in
PLoS ONE
volume
7
issue
2
publisher
Public Library of Science
external identifiers
  • scopus:84857186465
ISSN
1932-6203
DOI
10.1371/journal.pone.0031357
language
English
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no
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271e7b08-da9c-4ca4-bf01-43101bd1b046
date added to LUP
2016-09-23 12:04:09
date last changed
2017-11-19 04:33:25
@article{271e7b08-da9c-4ca4-bf01-43101bd1b046,
  abstract     = {<p>Transfusion-related acute lung injury (TRALI) is a leading cause of transfusion-associated mortality that can occur with any type of transfusion and is thought to be primarily due to donor antibodies activating pulmonary neutrophils in recipients. Recently, a large prospective case controlled clinical study of cardiac surgery patients demonstrated that despite implementation of male donors, a high incidence of TRALI still occurred and suggested a need for additional interventions in susceptible patient populations. To examine if intravenous immunoglobulin (IVIg) may be effective, a murine model of antibody-mediated acute lung injury that approximates human TRALI was examined. When BALB/c mice were injected with the anti-major histocompatibility complex class I antibody 34-1-2s, mild shock (reduced rectal temperature) and respiratory distress (dyspnea) were observed and pre-treatment of the mice with 2 g/kg IVIg completely prevented these symptoms. To determine IVIg's usefulness to affect severe lung damage, SCID mice, previously shown to be hypersensitive to 34-1-2s were used. SCID mice treated with 34-1-2s underwent severe shock, lung damage (increased wet/dry ratios) and 40% mortality within 2 hours. Treatment with 2 g/kg IVIg 18 hours before 34-1-2s administration completely protected the mice from all adverse events. Treatment with IVIg after symptoms began also reduced lung damage and mortality. While the prophylactic IVIg administration did not affect 34-1-2s-induced pulmonary neutrophil accumulation, bone marrow-derived neutrophils from the IVIg-treated mice displayed no spontaneous ROS production nor could they be stimulated in vitro with fMLP or 34-1-2s. These results suggest that IVIg prevents murine antibody-mediated acute lung injury at the level of neutrophil ROS production and thus, alleviating tissue damage.</p>},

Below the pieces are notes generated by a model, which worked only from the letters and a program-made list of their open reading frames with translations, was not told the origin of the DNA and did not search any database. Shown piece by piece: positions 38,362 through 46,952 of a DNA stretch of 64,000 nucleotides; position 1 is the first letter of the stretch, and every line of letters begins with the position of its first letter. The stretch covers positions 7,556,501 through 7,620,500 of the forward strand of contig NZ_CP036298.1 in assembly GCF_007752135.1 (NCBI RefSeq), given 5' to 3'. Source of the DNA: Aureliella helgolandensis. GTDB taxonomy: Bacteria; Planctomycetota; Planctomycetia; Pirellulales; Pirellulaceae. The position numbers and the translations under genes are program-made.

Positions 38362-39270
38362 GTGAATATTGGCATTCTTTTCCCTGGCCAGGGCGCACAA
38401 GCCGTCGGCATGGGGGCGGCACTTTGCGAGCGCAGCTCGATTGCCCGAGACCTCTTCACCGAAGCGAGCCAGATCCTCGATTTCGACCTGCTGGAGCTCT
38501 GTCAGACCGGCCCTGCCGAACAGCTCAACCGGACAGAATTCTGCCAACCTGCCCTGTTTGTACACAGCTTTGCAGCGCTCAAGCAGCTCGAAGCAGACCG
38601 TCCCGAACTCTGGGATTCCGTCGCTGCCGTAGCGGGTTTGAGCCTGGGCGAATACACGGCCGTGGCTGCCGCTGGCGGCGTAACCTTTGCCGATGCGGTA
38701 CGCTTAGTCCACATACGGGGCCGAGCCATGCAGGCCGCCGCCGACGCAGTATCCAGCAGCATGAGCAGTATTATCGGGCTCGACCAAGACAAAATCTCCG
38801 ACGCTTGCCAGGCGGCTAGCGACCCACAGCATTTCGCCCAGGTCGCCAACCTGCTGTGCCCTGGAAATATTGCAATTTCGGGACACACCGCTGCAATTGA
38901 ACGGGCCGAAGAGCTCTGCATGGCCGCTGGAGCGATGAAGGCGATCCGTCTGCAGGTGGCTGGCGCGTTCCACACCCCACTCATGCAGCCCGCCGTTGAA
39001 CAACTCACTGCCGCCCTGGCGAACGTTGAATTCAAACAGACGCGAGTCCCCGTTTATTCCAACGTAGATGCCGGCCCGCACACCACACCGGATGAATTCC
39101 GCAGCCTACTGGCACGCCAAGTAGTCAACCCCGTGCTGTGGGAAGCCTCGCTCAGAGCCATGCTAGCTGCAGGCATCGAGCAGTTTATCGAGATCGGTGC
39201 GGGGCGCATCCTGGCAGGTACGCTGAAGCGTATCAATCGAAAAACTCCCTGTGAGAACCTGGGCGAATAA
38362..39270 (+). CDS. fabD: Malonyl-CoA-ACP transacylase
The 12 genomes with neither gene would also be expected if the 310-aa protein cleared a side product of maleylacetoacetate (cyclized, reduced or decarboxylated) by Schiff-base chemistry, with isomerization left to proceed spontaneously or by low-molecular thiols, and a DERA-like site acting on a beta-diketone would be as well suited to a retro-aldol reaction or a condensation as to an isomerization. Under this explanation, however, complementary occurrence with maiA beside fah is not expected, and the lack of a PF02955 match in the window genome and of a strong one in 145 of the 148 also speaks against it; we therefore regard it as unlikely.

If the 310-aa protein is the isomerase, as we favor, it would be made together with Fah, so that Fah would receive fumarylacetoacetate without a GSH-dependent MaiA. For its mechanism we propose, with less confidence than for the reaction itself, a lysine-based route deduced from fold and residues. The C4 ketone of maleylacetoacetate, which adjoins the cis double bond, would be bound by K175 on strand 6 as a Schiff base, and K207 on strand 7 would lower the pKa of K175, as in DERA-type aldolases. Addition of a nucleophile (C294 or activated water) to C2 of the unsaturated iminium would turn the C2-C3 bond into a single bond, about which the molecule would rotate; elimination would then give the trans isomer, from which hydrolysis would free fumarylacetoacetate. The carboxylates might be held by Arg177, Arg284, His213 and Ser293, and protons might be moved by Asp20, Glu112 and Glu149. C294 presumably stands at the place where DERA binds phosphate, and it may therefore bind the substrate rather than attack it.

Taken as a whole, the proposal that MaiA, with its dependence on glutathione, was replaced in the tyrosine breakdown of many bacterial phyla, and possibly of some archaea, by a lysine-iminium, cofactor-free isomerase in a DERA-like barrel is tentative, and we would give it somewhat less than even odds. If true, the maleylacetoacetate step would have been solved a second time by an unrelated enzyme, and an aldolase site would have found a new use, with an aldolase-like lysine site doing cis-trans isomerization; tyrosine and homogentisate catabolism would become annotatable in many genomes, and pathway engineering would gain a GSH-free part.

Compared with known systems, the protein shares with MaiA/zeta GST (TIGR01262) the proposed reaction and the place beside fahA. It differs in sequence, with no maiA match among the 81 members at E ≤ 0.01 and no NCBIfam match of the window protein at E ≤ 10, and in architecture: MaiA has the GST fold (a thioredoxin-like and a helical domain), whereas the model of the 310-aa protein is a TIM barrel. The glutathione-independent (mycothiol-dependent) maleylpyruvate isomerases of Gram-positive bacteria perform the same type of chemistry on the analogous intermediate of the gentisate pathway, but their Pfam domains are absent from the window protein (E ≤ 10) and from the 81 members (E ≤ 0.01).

articleno    = {e31357},
  author       = {Semple, John W and Kim, Michael and Hou, Jing and McVey, Mark and Lee, Young Jin and Tabuchi, Arata and Kuebler, Wolfgang M and Chai, Zhong-Wei and Lazarus, Alan H},
  issn         = {1932-6203},
  keyword      = {Acids,Acute Lung Injury,Animals,Blood Transfusion,Chemokine CXCL2,Edema,Humans,Hypothermia,Immunoglobulins, Intravenous,Lung,Male,Mice,Mice, Inbred BALB C,Mice, SCID,Neutrophils,Reactive Oxygen Species,Survival Analysis,Journal Article,Research Support, Non-U.S. Gov't},
  language     = {eng},
  number       = {2},
  publisher    = {Public Library of Science},
  series       = {PLoS ONE},
  title        = {Intravenous immunoglobulin prevents murine antibody-mediated acute lung injury at the level of neutrophil reactive oxygen species (ROS) production},
  url          = {http://dx.doi.org/10.1371/journal.pone.0031357},
  volume       = {7},
  year         = {2012},
}